Unlike the cable companies, AT&T (NYSE:T) didn't dismiss Google's (NASDAQ:GOOGL) foray into rapid-fire Internet and TV fiber connectivity earlier this year as something consumers don't want, don't need, and won't pay for. When Google announced in April that its fiber service was coming to Austin, Texas, in mid-2014, it was already in Kansas City and the surrounding area. AT&T quickly said it wouldn't be far behind.

As for cable, Time Warner Cable's (UNKNOWN:TWC.DL) CFO at the time, Irene Esteves -- she's since been replaced by Arthur Minson -- summed up the stance of the country's second-largest cable provider perfectly earlier this year, saying, "We just don't see the need of delivering that to consumers." No need? With the number of gamers, online-movie-streaming customers, and proponents of video-chat services growing exponentially, that's an almost laughable perspective.

AT&T fiber specs
Not only has AT&T made good on its promise to provide 1 gigabit per second Internet and TV connectivity, it's going to beat Google to the punch in Austin. According to its announcement yesterday, Austin residents will get a slightly scaled down version of AT&T's U-verse GigaPower by December of this year.

Initially, AT&T will offer customers connectivity speeds around 300 megabits per second -- or Mbps -- in December, then up that to 1 gigabit in mid-2014, "at no additional cost." As for pricing, the cost of its fiber connectivity service will announced as AT&T gets closer to the rollout in December. Google is charging customers in Kansas City $120 a month for its Fiber Internet and TV package, and $70 for Internet only.

The move to offer lightning-fast Internet service in Austin is a sound one on AT&T's part. Austin residents already have access to AT&T's U-verse TV, and have since 2007, so upselling its existing customers, let alone bringing on new ones, should be an easier proposition than Google Fiber, which will need to essentially start the customer-building process from scratch.

What's the problem with cable?
As for Time Warner Cable, in addition to not seeing the need to provide fiber service to its customers, it's also rationalized the refusal to play the 1 gigabit per second game by saying there aren't the apps around to utilize all that speed. Of course there aren't; developers aren't going to build games or other large, interactive applications that can't be downloaded by the limited speeds available today with cable.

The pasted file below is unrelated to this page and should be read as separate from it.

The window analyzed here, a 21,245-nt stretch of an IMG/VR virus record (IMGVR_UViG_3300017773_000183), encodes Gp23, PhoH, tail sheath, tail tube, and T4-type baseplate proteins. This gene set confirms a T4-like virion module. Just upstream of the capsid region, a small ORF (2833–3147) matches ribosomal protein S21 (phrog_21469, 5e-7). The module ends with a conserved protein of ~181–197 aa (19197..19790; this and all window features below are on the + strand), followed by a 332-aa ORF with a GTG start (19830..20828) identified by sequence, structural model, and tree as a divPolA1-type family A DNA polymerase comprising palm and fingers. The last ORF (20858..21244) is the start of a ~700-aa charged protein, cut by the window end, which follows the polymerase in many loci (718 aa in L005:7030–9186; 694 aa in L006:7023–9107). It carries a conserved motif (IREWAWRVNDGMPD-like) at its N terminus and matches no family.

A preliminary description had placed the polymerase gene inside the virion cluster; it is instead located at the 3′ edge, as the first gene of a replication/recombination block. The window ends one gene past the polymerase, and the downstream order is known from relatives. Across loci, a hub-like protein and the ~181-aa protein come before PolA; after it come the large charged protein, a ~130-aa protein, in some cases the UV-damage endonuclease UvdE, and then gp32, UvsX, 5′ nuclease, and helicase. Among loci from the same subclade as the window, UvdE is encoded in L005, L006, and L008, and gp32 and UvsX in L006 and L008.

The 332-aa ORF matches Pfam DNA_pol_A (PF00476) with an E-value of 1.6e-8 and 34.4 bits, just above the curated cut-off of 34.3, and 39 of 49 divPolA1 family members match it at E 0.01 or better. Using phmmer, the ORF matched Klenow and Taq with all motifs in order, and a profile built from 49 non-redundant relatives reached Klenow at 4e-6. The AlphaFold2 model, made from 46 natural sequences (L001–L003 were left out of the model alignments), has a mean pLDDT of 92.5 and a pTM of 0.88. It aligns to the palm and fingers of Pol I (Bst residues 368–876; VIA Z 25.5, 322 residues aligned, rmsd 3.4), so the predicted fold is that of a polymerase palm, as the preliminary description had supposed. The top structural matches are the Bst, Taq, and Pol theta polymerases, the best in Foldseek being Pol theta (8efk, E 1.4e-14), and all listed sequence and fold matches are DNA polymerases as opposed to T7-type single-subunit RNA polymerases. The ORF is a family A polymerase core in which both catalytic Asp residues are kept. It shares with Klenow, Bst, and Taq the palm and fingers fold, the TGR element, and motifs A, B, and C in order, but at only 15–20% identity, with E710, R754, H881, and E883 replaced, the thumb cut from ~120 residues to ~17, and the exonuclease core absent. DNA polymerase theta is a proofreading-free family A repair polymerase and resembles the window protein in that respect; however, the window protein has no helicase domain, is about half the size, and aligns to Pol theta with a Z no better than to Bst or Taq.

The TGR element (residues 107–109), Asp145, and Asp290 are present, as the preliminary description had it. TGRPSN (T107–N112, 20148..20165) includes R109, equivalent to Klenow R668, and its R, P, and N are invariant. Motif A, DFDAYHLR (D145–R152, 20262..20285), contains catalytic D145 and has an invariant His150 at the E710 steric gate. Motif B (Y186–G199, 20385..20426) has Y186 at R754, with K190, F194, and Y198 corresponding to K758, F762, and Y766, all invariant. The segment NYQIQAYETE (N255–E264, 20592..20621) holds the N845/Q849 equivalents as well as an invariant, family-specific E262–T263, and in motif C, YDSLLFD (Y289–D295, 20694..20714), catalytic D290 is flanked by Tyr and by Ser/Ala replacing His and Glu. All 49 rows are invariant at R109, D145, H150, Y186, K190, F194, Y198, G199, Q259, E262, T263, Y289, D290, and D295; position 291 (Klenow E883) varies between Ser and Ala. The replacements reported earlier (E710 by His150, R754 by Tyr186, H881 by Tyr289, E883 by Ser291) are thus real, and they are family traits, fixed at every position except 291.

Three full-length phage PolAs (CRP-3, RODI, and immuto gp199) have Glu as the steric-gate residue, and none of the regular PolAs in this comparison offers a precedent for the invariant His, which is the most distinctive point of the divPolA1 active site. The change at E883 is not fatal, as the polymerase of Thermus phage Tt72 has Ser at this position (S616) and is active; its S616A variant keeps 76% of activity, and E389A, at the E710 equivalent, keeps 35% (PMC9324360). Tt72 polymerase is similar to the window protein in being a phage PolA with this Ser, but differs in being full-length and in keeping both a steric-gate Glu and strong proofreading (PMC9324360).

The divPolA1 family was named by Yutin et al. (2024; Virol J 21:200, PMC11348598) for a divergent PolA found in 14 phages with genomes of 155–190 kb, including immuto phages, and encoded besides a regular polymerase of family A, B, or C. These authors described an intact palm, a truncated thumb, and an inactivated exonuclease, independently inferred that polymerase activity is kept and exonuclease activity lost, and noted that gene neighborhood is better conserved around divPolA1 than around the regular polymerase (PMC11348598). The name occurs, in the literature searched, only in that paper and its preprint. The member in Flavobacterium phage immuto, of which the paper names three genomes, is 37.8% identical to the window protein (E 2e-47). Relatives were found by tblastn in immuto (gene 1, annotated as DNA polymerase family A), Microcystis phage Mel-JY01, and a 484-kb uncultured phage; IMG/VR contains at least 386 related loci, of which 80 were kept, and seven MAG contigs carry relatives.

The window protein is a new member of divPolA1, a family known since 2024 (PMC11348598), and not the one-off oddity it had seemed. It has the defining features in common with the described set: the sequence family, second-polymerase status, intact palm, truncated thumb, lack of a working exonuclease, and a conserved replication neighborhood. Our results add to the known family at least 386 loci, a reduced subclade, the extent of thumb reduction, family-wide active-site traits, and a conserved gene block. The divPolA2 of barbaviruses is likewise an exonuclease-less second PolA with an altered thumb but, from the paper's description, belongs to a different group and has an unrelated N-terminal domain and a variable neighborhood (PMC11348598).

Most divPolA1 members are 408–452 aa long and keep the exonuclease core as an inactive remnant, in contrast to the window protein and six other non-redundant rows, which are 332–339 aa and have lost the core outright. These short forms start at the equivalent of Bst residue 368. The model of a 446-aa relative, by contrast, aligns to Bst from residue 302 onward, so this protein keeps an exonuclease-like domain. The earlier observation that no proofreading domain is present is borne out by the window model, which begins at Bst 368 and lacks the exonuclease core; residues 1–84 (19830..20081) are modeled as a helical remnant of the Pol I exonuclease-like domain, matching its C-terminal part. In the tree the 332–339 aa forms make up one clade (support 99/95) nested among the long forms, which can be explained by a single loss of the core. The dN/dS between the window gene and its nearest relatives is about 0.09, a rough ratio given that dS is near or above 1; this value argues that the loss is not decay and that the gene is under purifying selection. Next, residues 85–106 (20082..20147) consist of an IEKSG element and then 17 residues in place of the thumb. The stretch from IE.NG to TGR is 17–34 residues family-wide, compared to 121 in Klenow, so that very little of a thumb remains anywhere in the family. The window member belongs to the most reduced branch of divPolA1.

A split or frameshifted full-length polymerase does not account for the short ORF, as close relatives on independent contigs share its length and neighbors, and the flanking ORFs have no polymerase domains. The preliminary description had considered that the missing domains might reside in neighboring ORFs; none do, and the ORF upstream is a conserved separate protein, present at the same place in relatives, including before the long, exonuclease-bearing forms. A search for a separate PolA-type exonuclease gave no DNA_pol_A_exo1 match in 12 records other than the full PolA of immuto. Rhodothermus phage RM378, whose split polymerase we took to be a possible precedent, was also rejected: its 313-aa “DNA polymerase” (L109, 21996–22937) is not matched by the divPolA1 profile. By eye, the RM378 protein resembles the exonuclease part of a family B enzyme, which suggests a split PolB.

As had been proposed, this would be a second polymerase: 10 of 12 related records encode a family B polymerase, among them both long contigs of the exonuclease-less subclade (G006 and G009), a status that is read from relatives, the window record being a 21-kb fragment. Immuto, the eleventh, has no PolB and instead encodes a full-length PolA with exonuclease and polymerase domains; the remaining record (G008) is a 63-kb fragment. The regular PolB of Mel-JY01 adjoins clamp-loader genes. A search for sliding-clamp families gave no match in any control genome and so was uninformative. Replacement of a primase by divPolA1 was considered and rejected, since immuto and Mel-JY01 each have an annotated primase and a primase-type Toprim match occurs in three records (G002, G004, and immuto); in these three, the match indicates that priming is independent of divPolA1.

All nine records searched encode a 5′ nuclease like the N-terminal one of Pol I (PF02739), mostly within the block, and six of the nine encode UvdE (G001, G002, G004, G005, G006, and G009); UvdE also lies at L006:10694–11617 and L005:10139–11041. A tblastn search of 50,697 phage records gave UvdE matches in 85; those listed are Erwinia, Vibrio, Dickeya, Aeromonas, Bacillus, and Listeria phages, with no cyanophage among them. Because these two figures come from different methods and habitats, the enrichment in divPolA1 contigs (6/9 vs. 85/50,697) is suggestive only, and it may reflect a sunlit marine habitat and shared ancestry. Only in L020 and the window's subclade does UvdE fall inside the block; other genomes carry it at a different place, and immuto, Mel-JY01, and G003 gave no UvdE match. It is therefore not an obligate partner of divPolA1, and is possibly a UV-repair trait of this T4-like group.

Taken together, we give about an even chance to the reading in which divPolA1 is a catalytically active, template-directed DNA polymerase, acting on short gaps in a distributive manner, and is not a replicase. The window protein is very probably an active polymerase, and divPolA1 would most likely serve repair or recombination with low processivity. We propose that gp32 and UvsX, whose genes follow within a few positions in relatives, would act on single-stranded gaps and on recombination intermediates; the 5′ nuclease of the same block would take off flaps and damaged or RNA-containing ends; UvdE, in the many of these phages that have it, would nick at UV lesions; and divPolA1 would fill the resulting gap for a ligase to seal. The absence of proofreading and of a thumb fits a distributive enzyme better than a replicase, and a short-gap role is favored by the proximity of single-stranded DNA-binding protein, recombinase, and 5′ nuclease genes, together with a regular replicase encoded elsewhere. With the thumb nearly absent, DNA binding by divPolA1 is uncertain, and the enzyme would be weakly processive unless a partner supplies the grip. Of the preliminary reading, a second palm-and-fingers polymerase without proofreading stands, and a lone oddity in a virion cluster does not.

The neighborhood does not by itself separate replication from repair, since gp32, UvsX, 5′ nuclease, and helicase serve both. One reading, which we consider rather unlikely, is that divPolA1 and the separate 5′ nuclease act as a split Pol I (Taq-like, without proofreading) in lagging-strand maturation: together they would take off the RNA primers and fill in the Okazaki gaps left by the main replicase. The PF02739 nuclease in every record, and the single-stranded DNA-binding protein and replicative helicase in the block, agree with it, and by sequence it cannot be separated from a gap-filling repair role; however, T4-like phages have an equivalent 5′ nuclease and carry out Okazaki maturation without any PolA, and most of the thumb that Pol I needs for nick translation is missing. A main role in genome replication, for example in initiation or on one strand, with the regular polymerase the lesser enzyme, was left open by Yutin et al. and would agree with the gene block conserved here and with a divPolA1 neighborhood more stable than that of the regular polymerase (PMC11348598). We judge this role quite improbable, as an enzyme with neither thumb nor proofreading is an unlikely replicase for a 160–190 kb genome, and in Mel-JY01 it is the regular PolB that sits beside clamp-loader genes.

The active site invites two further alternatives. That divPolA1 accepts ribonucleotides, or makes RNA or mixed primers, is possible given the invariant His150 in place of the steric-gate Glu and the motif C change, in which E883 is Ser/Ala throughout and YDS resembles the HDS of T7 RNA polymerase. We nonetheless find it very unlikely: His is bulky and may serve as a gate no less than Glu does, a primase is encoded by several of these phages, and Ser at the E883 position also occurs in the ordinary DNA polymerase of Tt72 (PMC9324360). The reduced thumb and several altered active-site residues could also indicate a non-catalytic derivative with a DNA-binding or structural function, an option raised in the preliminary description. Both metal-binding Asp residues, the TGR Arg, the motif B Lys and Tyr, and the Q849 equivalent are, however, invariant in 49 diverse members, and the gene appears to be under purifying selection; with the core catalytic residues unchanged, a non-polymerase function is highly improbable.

But you can bet the shortage of apps will change in a hurry once fiber connectivity becomes widely available, thanks to forward-thinking folks like AT&T and Google. Programmers are going to have a field day developing new games and interactive experiences that are currently limited by U.S. consumer's sluggish 31.5 Mbps average peak connectivity speed.

When it's said and done, perhaps the biggest reason Time Warner Cable is downplaying AT&T and Google's fiber efforts is simply profits. According to a Bernstein Research analyst, Time Warner Cable generates margins as high as 97% from its Internet customers, largely because the networks are already built-out. With margins like those, Time Warner Cable and its industry friends have a huge incentive to tell their customers why they don't need fiber.

Going forward
Personally, I'd like nothing more than to tell my cable Internet and TV provider what they can do with their cable box and "ultra-fast" modem, and apparently I'm not alone. According to Temkin Ratings' 2013 customer service rankings, Time Warner Cable was 234th on a list of 235 companies included in the study. Time Warner Cable was sandwiched between Charter Communications, which came in last on Temkin's list, and Cox Communications, which was tied for 231st.

Time Warner Cable is apparently banking on its customers' reluctance to change, even if it means stepping up to a better, faster -- and in the case of Google Fiber in Kansas City, sometimes cheaper -- alternative to cable Internet (we don't know AT&T's pricing yet). They're wrong, and if AT&T's U-verse GigaPower and Google Fiber are any indication, U.S. consumers may have several alternatives even sooner than many of us had hoped. Bye, bye cable.